“The geese are here,” I said, pointing to the map indicating the red square. “There is nothing I can do. As much as I’d love to go hunt them, I’m not keen on breaking the law and risking a fine or jail.”
“Why don’t you just hunt them on the adjacent field across the way,” Kelly responded pointing to the blue square. “That’s all crown land.”
It was brilliant, and I wasn’t entirely sure why I hadn’t thought about it. A nagging feeling in me said that while I was out spotting I had made a mental calculation as to why that wouldn’t work before heading home, but I had since forgotten it. Regardless, I packed my gear and got into bed after making sure all my licenses were in order.
Sunrise was at 7:40 am so I was up and out of the house at 6:30. It was black out but I could tell the sky was overcast and the clouds were low from the street lamps. As I drove down the muddy roads, my headlights illuminated the green grid road signs indicating I was on the right track to my destination. As I drove I made sure to scan the ditches closely for deer as on more than one occasion a morning hunt had been ruined by smacking a buck or doe with a self destructive attitude.
As I got to my field I looked for an approach but wasn’t able to find one. I stopped about the halfway mark and turned to point my headlights out into the field to carry in my gear and setup my decoys. From my seat inside Terry, I made a mental note that the stubble looked odd and as that thought crossed my consciousness, I realized why I had written off the hunt; it was a canola field.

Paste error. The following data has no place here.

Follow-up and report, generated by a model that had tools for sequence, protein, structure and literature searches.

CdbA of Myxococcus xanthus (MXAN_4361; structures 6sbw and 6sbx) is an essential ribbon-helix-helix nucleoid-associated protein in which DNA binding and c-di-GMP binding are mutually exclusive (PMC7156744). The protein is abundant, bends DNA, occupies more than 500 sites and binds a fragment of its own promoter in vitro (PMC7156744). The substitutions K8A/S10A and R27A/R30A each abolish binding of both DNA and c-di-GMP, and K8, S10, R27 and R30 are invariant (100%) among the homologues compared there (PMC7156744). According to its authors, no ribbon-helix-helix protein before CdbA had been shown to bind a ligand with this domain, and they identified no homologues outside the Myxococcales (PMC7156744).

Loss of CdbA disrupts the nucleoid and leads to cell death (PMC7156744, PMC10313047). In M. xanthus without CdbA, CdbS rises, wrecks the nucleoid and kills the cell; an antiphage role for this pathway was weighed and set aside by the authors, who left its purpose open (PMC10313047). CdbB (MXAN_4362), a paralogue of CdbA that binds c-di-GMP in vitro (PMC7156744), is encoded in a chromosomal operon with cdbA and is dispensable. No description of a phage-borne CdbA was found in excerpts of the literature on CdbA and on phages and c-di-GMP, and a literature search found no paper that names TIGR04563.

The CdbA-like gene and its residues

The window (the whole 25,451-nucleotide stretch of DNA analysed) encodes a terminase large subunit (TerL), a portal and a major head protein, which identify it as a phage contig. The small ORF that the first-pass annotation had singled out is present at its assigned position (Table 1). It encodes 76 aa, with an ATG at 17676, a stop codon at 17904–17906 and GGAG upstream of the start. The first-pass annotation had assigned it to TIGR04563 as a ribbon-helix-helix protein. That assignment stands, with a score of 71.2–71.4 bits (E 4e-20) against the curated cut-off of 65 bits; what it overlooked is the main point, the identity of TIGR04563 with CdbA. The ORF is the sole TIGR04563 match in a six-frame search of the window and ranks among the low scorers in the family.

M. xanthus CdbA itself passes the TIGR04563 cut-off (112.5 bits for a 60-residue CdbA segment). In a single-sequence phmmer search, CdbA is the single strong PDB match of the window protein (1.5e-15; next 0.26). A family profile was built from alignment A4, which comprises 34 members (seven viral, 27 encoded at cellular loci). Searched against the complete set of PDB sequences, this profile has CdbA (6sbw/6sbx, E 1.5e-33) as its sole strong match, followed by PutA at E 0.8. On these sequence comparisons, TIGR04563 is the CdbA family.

For those who don’t goose hunt, there is nothing a goose hates more, aside from being shot, than canola stubble. It’s vial stuff. Tall, tough, pokey and they do not like to land in it. To make a comparison most people can understand it would be the human equivalent of jumping barefoot onto shag carpet you know has lego in it. Your just not going to do it.
However, since it was the first hunt of the year and I was already up and out, I decided to setup on the canola. Most hunters I know would have called it quits gone home had another breakfast, but not me. I was deluded and desperate to get a hunt in regardless of the outcome.
I only had a few dozen Canada goose shell decoys with me so the spread didn’t take long to layout. I got into my ground blind just in time to watch a few flights of ducks rocket overhead but well out of range.
Over the next hour I watched flock after flock of ducks and geese fly into the field just inside the city limits and out of my reach. It was awesome and torture all at the same time. One group of geese did come in low enough for me to make a reasonable attempt at a shot, but I missed. It was my only shot but it made me happy that at least I got an opportunity to try and get one.
After another thirty minutes I packed up my gear and walked back to Terry. Of course as I walked and focused on unloading my gun I was startled by a very loud, and almost mocking “HONK”!! I looked up in time to watch, helplessly, as a flock of four geese darted directly over my head at power line height. I couldn’t help but laugh.
Getting into my truck and driving home I passed by the wily birds safe on their city side of the road and wondered how those wild geese knew to pick a place I must not go despite my heart urging me so.
It was a great and memorable start to the 2018 hunting season and I’m looking forward to what the rest of year has to bring.
Until next time, all the best.